I think I know why Tim doesn't mention the name of this firm because when you Google the name this is the first thing that comes up:
Apparently they were making inappropriate sales to people over the age 85.
That's about as scummy as you can get.
After his time in the financial world it seems Tim made a pivot to selling products to retail investors.
And his newest product is The 20% Letter.
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The 20% Letter FAQ's
Still have some questions about this newsletter?
Here's answers to any questions you might have about The 20% Letter.
1) How Much Does The 20% Letter Cost?
This is an introductory newsletter and only costs $79 per year.
Usually when you see a newsletter priced this way it's more to just get you into the sales funnel so they can sell more to you later on.
The publisher that sells The 20% Letter has products that cost thousands and will definitely be promoting them to you.
2) What's The Investing Strategy?
The strategy here is to get 20% returns every year - hence the name The 20% Letter.
You'll mainly be investing in dividend paying small bank stocks.
These stocks can be volatile but do offer a dividend which is good for retirement and building passive income.
3) How Much Do I Need To Invest?
It depends on your age and your goals.
If you're heading into retirement and want passive income to live on you'll probably want $500,000.
If you're younger you can start with much less - like $10,000.
If you are younger and want to plan for your retirement take the $10,000 and invest in the dividend stocks recommended.
Then take the dividend payments and reinvest them into back into the dividend stocks.
In 30 years you'll have a nice passive income stream to retire on.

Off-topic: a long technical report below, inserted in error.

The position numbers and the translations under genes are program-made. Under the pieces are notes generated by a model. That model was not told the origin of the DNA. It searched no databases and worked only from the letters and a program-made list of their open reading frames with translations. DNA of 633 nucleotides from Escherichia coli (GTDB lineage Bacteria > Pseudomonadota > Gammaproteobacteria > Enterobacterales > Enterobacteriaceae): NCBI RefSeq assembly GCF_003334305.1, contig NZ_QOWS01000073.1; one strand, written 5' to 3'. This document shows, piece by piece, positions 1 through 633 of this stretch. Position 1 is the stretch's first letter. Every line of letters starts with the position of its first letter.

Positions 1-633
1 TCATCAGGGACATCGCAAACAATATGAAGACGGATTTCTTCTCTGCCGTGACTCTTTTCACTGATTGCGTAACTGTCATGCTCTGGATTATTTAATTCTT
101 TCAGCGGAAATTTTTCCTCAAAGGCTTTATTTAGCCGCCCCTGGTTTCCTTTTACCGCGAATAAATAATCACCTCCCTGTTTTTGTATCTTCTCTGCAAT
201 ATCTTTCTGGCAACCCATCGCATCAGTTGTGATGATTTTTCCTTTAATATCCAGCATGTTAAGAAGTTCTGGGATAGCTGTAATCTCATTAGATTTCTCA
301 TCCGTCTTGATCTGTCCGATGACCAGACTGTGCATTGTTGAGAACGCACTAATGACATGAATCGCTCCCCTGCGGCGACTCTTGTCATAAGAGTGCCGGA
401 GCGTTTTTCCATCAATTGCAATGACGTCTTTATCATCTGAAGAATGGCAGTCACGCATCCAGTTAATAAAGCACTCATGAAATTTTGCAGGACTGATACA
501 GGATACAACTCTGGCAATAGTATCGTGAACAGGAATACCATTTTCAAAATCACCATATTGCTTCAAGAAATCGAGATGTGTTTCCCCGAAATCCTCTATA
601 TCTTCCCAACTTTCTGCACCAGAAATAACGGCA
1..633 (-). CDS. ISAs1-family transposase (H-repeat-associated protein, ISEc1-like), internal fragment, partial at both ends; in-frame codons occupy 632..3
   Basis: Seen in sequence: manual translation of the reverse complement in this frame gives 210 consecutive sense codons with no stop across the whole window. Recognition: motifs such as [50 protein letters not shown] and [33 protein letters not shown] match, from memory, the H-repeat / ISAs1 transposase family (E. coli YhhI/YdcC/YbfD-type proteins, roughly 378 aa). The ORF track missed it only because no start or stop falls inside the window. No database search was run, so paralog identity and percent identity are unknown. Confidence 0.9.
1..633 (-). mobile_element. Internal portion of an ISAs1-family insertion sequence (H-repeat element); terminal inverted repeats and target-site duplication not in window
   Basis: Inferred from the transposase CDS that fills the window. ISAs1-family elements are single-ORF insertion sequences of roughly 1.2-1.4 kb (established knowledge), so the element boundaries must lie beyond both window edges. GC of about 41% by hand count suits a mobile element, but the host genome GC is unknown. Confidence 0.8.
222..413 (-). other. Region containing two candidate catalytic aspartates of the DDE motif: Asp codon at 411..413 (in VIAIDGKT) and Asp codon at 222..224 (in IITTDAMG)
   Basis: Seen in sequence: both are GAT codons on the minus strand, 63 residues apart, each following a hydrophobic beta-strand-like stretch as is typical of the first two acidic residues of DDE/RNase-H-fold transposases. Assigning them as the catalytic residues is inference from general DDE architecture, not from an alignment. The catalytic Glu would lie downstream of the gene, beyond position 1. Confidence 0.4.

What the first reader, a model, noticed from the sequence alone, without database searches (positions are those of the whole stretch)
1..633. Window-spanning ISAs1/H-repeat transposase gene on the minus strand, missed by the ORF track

4) What Is Investors Alley?
Investors Alley is the publisher that sells The 20% Newsletter.
I did a whole review about them that you can read here.
Their most popular newsletter is a The Dividend Hunter which is another newsletter that focuses on dividend stocks.
Overall the publisher is a pretty typical one.
They sell a bunch of newsletters and their goal is to get you to spend thousands with their upsells.
The 20% Letter Conclusion
This review is a work in progress.
I saw this newsletter had just launched and just wanted to get some preliminary information out there for anyone looking for it.
It's too early to judge how well this newsletter will perform and I'll update as the returns become more clear.
Overall the strategy doesn't seem horrible and the first stock Tim has promoted, TFS Financial, seems pretty promising.
There's risk but the dividend is high and the stock is the cheapest it's been in a long time.
There's some concerns, though.
There's not much out there about Tim and what I could find wasn't too promising.
I don't know what his role as Vice President at Ferris Baker Watts was but anyone that targets people over 85 is a scumbag in my mind.
My advice for this newsletter is to wait to see what kind of results it gets before diving in
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The 20% Letter has potential but it's still too early to determine how good it is.
The good news is there's proven investing newsletters out there that are already producing good results.